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  • Writer's pictureNathan Rubenstein

Applying For & Enrolling In Medicare

Turing 65 or 2 years of SSDI

If you are turning 65 and collecting Social Security or on SSDI and are hitting your two-year enrollment date, then enrollment in Medicare Parts A&B will be automatic. Your Medicare card will be mailed to you, usually about three months before your first month in Medicare.

In a rare case, someone who is collecting Social Security and has workplace-based insurance they want to keep, receives their card indicating automatic enrollment in Medicare A&B. In that case usually the person will need to mail back the card “opting out of Medicare Part B” while they have workplace-based insurance. (This allows for enrollment later without a penalty. This is not an option if you have an induvial policy or are on Medicaid.) There is typically no reason for an SSDI recipient to opt out of Medicare Part B, unless he/she has workplace-based insurance through a spouse and it costs less than the Medicare Part B premium, but that is exceedingly rare.

Turning 65 and not collecting SS retirement benefits

Many people who are still working want to wait until at least age 66 to collect Social Security retirement benefits because before that you are limited to how much you can earn without penalty. In that case, the person needs to apply for Medicare before turning 65. The easiest way (during COVID-19 especially) is to register for a My Social Security account at (here Once you have done that, you can use this link to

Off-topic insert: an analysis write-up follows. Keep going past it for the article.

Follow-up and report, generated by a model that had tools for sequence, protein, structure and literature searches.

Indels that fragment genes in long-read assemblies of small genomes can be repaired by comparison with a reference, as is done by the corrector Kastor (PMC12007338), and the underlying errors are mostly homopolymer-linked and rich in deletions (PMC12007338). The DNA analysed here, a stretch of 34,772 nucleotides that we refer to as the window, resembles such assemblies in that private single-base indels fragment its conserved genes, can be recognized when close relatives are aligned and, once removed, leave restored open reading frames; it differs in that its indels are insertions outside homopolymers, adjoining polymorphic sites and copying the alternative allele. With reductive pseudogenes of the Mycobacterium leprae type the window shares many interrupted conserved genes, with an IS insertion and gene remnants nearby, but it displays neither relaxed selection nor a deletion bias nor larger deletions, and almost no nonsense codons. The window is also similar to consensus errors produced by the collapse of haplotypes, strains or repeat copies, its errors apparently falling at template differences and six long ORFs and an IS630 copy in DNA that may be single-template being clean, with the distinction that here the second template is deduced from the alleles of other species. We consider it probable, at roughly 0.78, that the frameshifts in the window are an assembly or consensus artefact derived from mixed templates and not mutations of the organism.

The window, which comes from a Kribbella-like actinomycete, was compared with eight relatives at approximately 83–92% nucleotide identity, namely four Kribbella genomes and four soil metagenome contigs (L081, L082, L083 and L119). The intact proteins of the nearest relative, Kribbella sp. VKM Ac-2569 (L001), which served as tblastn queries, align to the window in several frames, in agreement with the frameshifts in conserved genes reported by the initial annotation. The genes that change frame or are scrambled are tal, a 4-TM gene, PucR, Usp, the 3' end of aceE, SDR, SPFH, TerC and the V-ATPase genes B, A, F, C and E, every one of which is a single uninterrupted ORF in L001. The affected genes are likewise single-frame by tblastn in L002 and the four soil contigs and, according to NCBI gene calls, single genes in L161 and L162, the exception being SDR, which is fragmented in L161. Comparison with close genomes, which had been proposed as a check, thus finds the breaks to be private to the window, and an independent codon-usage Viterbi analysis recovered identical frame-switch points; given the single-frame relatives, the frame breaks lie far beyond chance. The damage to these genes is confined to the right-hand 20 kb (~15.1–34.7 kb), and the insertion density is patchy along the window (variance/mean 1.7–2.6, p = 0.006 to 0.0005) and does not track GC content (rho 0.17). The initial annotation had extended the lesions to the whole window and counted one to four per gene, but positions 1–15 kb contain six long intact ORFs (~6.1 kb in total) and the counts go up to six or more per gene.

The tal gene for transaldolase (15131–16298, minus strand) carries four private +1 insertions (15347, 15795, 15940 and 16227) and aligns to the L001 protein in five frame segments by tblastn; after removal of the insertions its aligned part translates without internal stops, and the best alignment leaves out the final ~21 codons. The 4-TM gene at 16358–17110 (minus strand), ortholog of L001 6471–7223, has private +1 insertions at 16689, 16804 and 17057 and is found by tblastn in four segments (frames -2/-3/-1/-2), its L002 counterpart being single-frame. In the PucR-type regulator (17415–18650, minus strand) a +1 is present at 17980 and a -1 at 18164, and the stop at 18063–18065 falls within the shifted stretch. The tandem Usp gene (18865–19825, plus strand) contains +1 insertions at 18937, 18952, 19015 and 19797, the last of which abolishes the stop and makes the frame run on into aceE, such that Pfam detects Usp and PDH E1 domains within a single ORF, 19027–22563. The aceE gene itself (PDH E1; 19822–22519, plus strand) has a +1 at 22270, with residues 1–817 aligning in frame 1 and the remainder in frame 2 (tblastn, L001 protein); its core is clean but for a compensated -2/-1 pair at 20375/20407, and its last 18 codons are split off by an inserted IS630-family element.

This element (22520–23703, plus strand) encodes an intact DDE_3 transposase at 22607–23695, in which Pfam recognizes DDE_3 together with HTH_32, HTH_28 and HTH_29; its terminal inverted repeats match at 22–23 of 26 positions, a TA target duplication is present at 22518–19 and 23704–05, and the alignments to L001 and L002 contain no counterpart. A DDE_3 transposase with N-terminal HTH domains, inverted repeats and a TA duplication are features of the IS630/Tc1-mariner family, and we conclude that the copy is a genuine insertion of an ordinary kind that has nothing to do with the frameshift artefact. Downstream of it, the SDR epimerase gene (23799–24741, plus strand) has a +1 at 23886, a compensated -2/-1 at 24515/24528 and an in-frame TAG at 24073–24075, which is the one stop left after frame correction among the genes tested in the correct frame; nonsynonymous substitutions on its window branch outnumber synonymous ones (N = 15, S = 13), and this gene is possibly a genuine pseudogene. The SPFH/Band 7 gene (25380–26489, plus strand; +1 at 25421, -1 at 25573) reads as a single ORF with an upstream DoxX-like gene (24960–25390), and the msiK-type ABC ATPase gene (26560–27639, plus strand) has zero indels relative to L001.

“apply Medicare only” (, making sure to opt into Medicare Part B, unless you have good, affordable workplace-based health insurance.

NOTE: Setting up a My Social Security account on can be wonky and sometimes they do security “checks” with information that doesn’t match the actual person trying to setup the account. If that happens, your only option is to get in touch with your local Social Security office either in person or on the phone. (Many offices are closed during COVID-19.) The individual phone numbers for local offices are not easily available online and you may have to call 800-772-1213 to find the number for your local office.

Adding Medicare at age 65+ & you have workplace-based health insurance

If you are past your initial enrollment period and want to enroll in Medicare, there are two forms you need to download and print: CMS 40B and CMS L564. The person applying for Medicare fills out the 40B, indicating which month they want the coverage to start. The employer fills out the L564, indicating the person has been covered by workplace insurance. These can be taken in or faxed to the local office. If faxed in, it’s good to follow up with a phone call to make sure they’re received and will be made active as requested. NOTE: Some SSA offices are great and will accept these forms via fax from an insurance agent. Some are more stringent and want the originals to be mailed or faxed directly from the employer. To be safe, follow up to make sure everything is being processed correctly and in a timely manner.

Adding Medicare post-65 and without workplace-based insurance

If you don’t currently have workplace-based health insurance and you didn’t enroll in Medicare when first eligible at age 65, you will have to wait until the following January to apply. Your coverage will not be active until the following July! Furthermore, you will incur a 10% Part B penalty for each year that you went without every month for the rest of your life. This is not an ideal situation. This is not a typical scenario, however, if this describes your situation, it is advisable to reach out to an agent that can assist you with your enrollment.

We hope you find this information valuable and helpful. If you need assistance applying for and enrolling in Medicare, contact us today.

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